Organising a successful corporate retreat

If you’ve ever had to suffer a mundane, unproductive team bonding exercise at a corporate retreat (you know the ones, the ‘trust fall’ or the ‘catch the egg’ game), you’ll probably be the first to dismiss these outings as a waste of time and money. But if you look beyond the superficial motivational exercises and forced fun, you’ll find that a company retreat is a great way to look at the business in perspective, have everyone step outside their ‘business as usual’ mentality, and offer up ideas on how things can be done better. In fact, many startups list company retreats as part of a successful business strategy, so it looks like they are here to stay.

Now is as good a time as any to organise a retreat or offsite. It’s the beginning of the year and an excellent time to be focussing on the business's goals and what improvements could be made to increase efficiency and job satisfaction for staff. It’s important, therefore, to make sure you organise a productive but enjoyable trip — one that avoids any cringe-worthy team-building exercises. Here are some ideas to help get your planning started.

organising a corporate retreat

What to look for in a venue or location

Picking a venue is probably the most challenging part of organising a corporate retreat. You should look at locations away from the office, but the question is, how far should you go? If you’re hoping to save on travel costs (so you can spend the budget elsewhere), it’s best to hold the retreat within the boundaries of your city or just outside it.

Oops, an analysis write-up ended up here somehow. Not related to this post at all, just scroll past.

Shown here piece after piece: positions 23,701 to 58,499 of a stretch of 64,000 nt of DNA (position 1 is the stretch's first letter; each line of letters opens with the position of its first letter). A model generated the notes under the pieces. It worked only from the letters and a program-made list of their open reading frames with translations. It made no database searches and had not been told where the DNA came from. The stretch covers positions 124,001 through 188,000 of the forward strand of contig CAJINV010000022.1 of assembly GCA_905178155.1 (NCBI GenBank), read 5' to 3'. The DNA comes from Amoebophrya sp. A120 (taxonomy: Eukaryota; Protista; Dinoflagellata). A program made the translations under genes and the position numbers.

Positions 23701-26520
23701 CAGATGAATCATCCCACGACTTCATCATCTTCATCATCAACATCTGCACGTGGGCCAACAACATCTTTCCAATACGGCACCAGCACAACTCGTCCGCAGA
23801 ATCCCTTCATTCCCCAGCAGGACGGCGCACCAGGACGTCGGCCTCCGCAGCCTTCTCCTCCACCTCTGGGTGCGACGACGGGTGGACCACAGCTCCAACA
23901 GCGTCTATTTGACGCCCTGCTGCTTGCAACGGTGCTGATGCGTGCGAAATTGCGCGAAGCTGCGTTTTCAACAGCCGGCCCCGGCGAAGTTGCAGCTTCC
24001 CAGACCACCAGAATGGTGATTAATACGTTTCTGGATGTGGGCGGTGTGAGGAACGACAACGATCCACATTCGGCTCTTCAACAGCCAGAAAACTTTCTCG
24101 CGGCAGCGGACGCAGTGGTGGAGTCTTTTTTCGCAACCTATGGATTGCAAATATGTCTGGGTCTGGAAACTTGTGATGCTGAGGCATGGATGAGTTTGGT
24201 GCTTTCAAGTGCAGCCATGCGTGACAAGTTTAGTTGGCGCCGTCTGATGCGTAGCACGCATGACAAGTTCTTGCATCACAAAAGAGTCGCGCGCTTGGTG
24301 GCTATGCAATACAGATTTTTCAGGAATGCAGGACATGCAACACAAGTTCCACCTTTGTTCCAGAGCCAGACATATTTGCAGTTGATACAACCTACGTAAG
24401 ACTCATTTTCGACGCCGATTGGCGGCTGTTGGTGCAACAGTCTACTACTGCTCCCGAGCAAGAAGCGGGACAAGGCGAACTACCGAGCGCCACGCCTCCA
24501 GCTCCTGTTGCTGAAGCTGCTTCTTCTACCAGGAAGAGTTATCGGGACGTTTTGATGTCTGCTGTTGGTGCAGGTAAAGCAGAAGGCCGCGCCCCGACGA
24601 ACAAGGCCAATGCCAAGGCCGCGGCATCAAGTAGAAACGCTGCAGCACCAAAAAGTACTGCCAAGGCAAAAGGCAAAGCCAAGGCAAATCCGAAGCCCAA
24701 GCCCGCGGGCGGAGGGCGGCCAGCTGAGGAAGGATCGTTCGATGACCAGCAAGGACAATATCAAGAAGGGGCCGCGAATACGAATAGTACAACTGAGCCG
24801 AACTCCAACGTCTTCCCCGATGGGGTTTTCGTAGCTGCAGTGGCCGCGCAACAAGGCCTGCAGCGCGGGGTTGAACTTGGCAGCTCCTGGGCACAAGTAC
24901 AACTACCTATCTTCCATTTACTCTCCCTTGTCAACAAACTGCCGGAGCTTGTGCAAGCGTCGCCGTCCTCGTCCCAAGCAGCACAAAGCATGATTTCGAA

Make sure the venue or location offers a quiet space in which to hold brainstorms and other exercises. Most hotels and lodges have boardrooms and meeting rooms that make for a productive environment. Think about other activities you might like to include. Will they involve the outdoors for example? And work back from there.

corporate catering - business lunch and working lunches

Feeding the masses

Productivity and enthusiasm is likely to be hindered if people start getting hungry, so catering for all day training is hugely important. Tea, coffee and water should always be on hand, as should snacks. Find a local caterer that delivers to the location in which you’re having your retreat, and work with them to put together something (or, Order-In can do this for you with one of our many corporate caterers in Sydney, Melbourne, Perth, Brisbane, Canberra or Adelaide).

When it comes to the main meals such as breakfast, lunch and dinner, make sure that the food is excellent quality. You don’t want staff thinking you’ve scrimped on the food budget! Make sure you cater to any special dietary requirements and let staff feel as if they can indulge a little. Spoiling everyone with delicious food is a great way to reward them for all their hard work.

Create an agenda

Once you’ve established a venue and organised the catering, it’s time to start planning the agenda. You may need to involve senior members of the business at this stage, because they are likely to be in charge of determining the purpose of the retreat and what needs to be achieved.

Make sure you dedicate sufficient time for in-depth discussions on any issues that are under consideration, but add in regular breaks every few hours or so for tea, coffee and snacks. Be generous when setting aside time for meals, because this will provide extra opportunities for staff to socialise and get to know each other outside of the working environment. Finally, include any activities, and wrap up and review of the next action steps.

Decide whether you need a facilitator

You may or may not decide to assign a facilitator, but opting for one could help the retreat run more smoothly.

There might be someone in the office that’s perfect for the job otherwise you can source a professional. They will help ‘facilitate’ group discussions, set expectations and goals as well as ensure that the agenda is adhered to. Afterwards, you can call on them to help summarise decisions made and action steps that need to be taken.

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